Low maintenance is a term I hear quite often in my profession. I tend to think that it is an overused term. Everyone is seeking the “low maintenance” landscape. I think it’s time we explore this idea and dig deeper into what people are trying to achieve.
I don’t blame the public for their attraction to this concept. I would imagine that landscapers came up with this slogan to appeal to the hard working homeowner who is not much of an outdoor person. I hate to say this, but these people usually end up with a very expensive landscape design that tends to die out over time because either they were not given proper instructions on care or the homeowner was under the impression that the landscape was supposed to be “little to no maintenance.”
Before I go any further I want to mention that there are folks out there who seek and promote low maintenance for really good reasons. Those who are trying to be more environmentally friendly by finding ways to use less water, planting natives instead of exotic invasives, finding alternatives for lawns to decrease harmful emissions released by gas powered equipment, etc. It’s the people who are actually trying to work with their region instead of changing it entirely. A good example of this is the installation of sod on the beach. Another excellent and humorous example is from the movie “The Next Best Thing.” A client of Robert’s is reading over the bill and asks, “A thousand dollars for dirt? Since when does dirt cost a thousand dollars?” Robert says, “‘Dirt cheap’ is an expression, Mrs. Griffith. It doesn’t apply to a city built on a desert.”
What really irks me about the low maintenance band wagon is that it implies something that cannot and I think should not be delivered. It gives the false expectation that you will never have to work in your yard, which leads to my next problem. The fact that people are not willing to leave their living rooms, away from the TV, Ipad, Iphone (or whatever…), and spend some time outside in their yards. My thought is if you don’t like working outside (which is okay, it’s not for everyone) then please live in an apartment or live in the city. I wait for the day when I start seeing concrete landscapes due to the yard becoming “just too much.”
Again, let me back up a minute and define what is exactly considered high maintenance. At least my definition. I know there are those out there who think my style of gardening is hard work and are all ears at what I could possibly think is high maintenance.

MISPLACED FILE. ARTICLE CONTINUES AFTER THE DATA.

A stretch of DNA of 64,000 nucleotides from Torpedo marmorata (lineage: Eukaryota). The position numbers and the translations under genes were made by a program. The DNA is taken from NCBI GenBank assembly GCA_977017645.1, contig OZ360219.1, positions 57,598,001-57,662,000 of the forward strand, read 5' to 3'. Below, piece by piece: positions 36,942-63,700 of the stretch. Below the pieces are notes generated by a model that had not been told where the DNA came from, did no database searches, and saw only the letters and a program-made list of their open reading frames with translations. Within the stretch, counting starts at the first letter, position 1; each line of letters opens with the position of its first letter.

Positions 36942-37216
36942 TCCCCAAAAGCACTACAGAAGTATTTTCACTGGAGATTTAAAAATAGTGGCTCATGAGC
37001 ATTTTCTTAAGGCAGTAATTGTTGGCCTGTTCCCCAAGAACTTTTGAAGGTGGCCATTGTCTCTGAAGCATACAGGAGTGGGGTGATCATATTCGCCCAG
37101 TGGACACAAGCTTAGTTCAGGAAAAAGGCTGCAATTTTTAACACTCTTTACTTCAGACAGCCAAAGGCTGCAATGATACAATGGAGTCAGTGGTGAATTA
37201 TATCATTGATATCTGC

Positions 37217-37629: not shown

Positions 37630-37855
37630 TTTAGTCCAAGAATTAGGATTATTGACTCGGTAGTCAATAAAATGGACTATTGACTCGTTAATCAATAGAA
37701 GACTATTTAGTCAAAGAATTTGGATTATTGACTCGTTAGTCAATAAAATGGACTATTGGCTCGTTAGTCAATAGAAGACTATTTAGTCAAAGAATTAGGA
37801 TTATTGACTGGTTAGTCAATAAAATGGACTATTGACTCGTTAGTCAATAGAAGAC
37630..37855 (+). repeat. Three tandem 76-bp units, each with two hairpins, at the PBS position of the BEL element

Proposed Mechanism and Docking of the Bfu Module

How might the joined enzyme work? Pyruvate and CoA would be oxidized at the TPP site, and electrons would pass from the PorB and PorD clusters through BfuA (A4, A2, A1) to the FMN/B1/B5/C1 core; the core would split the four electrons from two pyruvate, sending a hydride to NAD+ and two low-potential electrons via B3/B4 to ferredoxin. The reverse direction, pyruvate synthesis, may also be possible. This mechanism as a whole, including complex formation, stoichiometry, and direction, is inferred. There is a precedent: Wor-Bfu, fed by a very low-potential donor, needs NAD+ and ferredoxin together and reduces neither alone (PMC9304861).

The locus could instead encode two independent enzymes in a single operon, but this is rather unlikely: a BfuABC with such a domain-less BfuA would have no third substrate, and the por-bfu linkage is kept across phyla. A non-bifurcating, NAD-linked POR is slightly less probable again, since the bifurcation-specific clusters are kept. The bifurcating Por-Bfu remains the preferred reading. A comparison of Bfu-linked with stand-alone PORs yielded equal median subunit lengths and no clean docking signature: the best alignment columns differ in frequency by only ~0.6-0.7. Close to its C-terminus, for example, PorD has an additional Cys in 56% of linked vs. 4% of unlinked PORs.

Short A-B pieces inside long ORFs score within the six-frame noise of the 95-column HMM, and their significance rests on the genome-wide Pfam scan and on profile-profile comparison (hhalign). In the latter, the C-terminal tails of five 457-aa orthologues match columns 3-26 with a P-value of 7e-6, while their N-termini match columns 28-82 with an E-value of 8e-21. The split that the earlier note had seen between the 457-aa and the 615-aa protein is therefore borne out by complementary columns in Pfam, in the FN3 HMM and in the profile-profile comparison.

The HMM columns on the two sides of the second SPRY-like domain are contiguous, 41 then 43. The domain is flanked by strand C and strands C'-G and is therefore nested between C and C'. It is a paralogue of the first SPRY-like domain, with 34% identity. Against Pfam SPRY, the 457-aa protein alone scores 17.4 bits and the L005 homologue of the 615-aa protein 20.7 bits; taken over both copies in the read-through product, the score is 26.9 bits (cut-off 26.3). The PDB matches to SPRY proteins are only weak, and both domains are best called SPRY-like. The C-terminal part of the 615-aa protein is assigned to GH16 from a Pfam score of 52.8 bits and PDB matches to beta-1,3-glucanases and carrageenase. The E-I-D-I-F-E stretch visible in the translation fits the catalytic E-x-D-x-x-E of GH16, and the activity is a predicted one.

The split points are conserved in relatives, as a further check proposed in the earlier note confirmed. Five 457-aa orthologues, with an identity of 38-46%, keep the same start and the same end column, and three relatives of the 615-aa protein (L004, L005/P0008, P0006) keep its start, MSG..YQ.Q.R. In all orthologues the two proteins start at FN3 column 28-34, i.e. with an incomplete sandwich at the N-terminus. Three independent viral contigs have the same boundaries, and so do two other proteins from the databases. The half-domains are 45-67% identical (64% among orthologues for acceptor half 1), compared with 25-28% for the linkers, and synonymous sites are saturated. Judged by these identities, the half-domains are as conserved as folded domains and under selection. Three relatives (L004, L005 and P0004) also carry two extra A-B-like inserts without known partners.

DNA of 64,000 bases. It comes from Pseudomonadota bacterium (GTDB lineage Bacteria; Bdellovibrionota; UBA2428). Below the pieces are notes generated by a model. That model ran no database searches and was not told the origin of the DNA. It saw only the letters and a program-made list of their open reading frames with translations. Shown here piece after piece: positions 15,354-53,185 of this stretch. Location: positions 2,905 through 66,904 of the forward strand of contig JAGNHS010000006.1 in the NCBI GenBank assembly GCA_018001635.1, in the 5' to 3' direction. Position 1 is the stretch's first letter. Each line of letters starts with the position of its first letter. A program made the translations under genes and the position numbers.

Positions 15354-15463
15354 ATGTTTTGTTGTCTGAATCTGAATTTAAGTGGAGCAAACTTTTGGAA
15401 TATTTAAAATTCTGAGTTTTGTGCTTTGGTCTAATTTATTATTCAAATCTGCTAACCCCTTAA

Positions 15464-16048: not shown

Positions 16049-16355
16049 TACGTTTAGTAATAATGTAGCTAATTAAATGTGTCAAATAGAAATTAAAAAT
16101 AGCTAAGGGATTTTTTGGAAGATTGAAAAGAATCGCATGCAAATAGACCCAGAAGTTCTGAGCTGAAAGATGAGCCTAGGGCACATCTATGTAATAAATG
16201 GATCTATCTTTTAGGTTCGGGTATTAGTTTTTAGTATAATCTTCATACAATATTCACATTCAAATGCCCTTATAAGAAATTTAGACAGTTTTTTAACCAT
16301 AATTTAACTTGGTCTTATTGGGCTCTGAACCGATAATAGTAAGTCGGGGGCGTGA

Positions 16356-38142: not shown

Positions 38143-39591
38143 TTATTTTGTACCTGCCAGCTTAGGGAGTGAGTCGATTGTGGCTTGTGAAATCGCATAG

A few different scenarios come to my mind. Vegetable gardening in Florida is one. I always spend a lot more time checking on the veggie plants than I do anything else. The growing of extremely tall plants that are used as cut flowers. The amount of staking that is involved is intense. I had beautiful tall Cosmos one year and just one good windy thunderstorm put them under. A large area committed to only annuals. Then of course there is the good ole’ American lawn. I’m sorry, but there is nothing low maintenance about a lawn.
Though these styles of gardening require a lot of work, just like with almost anything, as long as it is done in moderation it’s okay. As most of you know I have a large planter in front of my sunroom that I change out for winter and summer. That is one of the few places I have annuals. I will also have a little bit of grass in my back yard eventually. I just don’t want you to think me a hypocrite. If you enjoy the extra work, then that is just fine. As long as you’re not complaining about having to do it.
So you ask what is my point to all this? I think that a little garden work every now and again does us all good. My philosophy is that if you do all the hard work at the beginning of the creation of your garden, it will save you time and money in the long term. It will also leave you time just be in your garden. If you look back at my posts about the construction of my front yard cottage garden, it was a lot to do. I never ever want to do it again. Although, I did it in the winter time when there were fewer bugs and more pleasing temperatures that permitted me to work longer. I planned for the future by adding manure, so that I would not have to worry so much about fertilizing. I implemented several inches of mulch to ensure I could water and weed less. Also, since I have plants that are properly spaced instead of just mulch, the plants choke out the weeds too. They are all perennials and there has always been something blooming. I will even have flowers during the winter. I can also tell you this. I happen to know that I have spent less time in my yard than those who have what is considered a “low maintenance” landscape. I am referring to the only evergreen shrubs and lawn yards.
I realize this may offend some people because landscapes like this are common. All I can say is guys…you are really missing out! By all means plant what does well here, make sure you have some color all year long, but please plant some pretty perennials! What concerns me is that we are becoming a country of repeat homes and yards. The idea of having a garden is disappearing. Many believe that these uninteresting manicured landscapes are considered gardens. Those are not gardens to me.
We spend a great deal of time earning money to pay for our mortgages, why not actually enjoy not just the inside, but the land that is ours too.